The Right to Counsel: Gideon v. Wainwright at 40
By Alfred P. Carlton Jr.,
President, American Bar Association President
The rule of law and the promise of justice for all Americans are principles that distinguish our country from others. This promise did not come easily, but was struggled for mightily, sometimes painfully, by dedicated citizens. On March 18, 2003, we will celebrate the 40th anniversary of the U.S. Supreme Court's ruling in Gideon v. Wainwright, establishing the right to counsel for indigent defendants in criminal proceedings. This decision caused the most significant transformation in American criminal justice history, and brought about a profound shift in social justice: recognition that every defendant, whether wealthy or poor, is guaranteed the right to counsel. At its core, Gideon is the promise of justice for even the poorest and must vulnerable citizens in our society.
Despite much progress, however, the promise of Gideon remains unfulfilled. Severe lack of funding and resources coupled with a lack of public awareness means that poor people throughout the United States are routinely denied the competent criminal defense representation that is their right under the Constitution. Nearly every state reports of inadequate or incompetent representation, often with disastrous results, such as wrongful convictions, long-term, even lifelong, prison sentences, and in some instances the death penalty. And these results affect much more than the individual defendant. The integrity of our entire criminal justice system suffers when fair justice for all Americans is but an ideal and not a reality.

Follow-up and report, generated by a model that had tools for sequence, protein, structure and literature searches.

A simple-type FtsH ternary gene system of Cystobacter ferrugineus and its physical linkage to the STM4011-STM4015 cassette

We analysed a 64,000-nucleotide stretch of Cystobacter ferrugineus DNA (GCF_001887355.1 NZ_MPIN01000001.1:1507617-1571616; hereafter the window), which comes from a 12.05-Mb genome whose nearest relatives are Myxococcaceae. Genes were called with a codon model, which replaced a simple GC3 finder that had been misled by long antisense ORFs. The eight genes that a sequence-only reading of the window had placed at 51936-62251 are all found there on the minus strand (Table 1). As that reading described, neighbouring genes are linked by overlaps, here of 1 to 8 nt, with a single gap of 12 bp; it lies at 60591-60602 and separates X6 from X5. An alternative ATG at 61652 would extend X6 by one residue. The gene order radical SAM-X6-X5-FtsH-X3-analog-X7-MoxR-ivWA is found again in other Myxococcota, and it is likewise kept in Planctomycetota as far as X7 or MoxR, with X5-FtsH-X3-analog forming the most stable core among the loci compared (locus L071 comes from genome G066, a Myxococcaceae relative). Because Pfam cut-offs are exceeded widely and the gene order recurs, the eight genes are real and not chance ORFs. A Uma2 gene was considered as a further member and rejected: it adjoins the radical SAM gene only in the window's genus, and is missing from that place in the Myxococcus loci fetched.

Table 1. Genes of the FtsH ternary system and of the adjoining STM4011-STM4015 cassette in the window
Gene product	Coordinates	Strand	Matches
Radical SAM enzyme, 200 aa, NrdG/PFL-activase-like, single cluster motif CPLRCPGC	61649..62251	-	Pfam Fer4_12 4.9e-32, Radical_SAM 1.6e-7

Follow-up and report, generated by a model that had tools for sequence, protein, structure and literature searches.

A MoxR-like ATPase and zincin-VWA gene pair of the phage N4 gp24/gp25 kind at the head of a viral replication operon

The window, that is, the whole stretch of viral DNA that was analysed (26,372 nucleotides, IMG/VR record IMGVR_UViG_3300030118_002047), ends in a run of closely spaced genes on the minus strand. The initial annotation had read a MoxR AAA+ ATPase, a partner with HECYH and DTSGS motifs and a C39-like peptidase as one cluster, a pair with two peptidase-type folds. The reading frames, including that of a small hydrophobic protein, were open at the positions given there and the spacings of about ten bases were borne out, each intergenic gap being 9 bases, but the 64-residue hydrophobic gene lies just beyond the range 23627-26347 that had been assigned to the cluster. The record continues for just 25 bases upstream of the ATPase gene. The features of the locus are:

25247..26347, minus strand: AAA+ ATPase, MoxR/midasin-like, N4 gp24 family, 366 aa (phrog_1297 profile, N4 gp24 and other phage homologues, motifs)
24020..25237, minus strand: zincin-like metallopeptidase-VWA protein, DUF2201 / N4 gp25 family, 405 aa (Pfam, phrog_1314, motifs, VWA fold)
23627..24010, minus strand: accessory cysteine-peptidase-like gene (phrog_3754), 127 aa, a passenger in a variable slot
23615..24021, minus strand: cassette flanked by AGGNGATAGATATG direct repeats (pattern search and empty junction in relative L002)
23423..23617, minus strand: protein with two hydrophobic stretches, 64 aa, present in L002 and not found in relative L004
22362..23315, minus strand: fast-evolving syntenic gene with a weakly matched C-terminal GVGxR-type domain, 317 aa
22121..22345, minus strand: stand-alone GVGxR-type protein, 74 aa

The issues surrounding public defense are not only social and societal, but are also fiscal. Gideon's anniversary comes at a time when many states are struggling with great economic challenges. Communities throughout our nation are faced with providing adequate legal aid and indigent defense in an environment of dwindling financial resources and mounting legal costs.
And the sheer volume of cases is overwhelming. A study released in 2000 by the U.S. Department of Justice Bureau of Justice Statistics, which estimates that about 80 percent of all criminal defendants in state courts nationwide are indigent, reported that public defense lawyers in the nation's 100 most populous counties handled about 4.2 million cases in 1999.
Despite what could be construed as dismal circumstances, communities throughout our country remain committed to ensuring legal representation to all citizens and to finding new ways to meet this need. In this spirit, in February 2002 the American Bar Association adopted the "Ten Principles of a Public Defense Delivery System." Offered as a practical guide for governmental officials, policymakers and others charged with the stewardship of public defense systems, this simple document outlines what the ABA identifies as the fundamental criteria necessary for the provision of effective, efficient, high quality, ethical, conflict-free legal representation for criminal defendants who are unable to afford a lawyer.
It is tempting, when we as individuals and communities are called on to make already-overburdened resources go even further, to allow the promise of Gideon to remain exactly that - a promissory note to be paid at a later date. But we must not allow Gideon to be honored more in the breach than in its fulfillment and realization.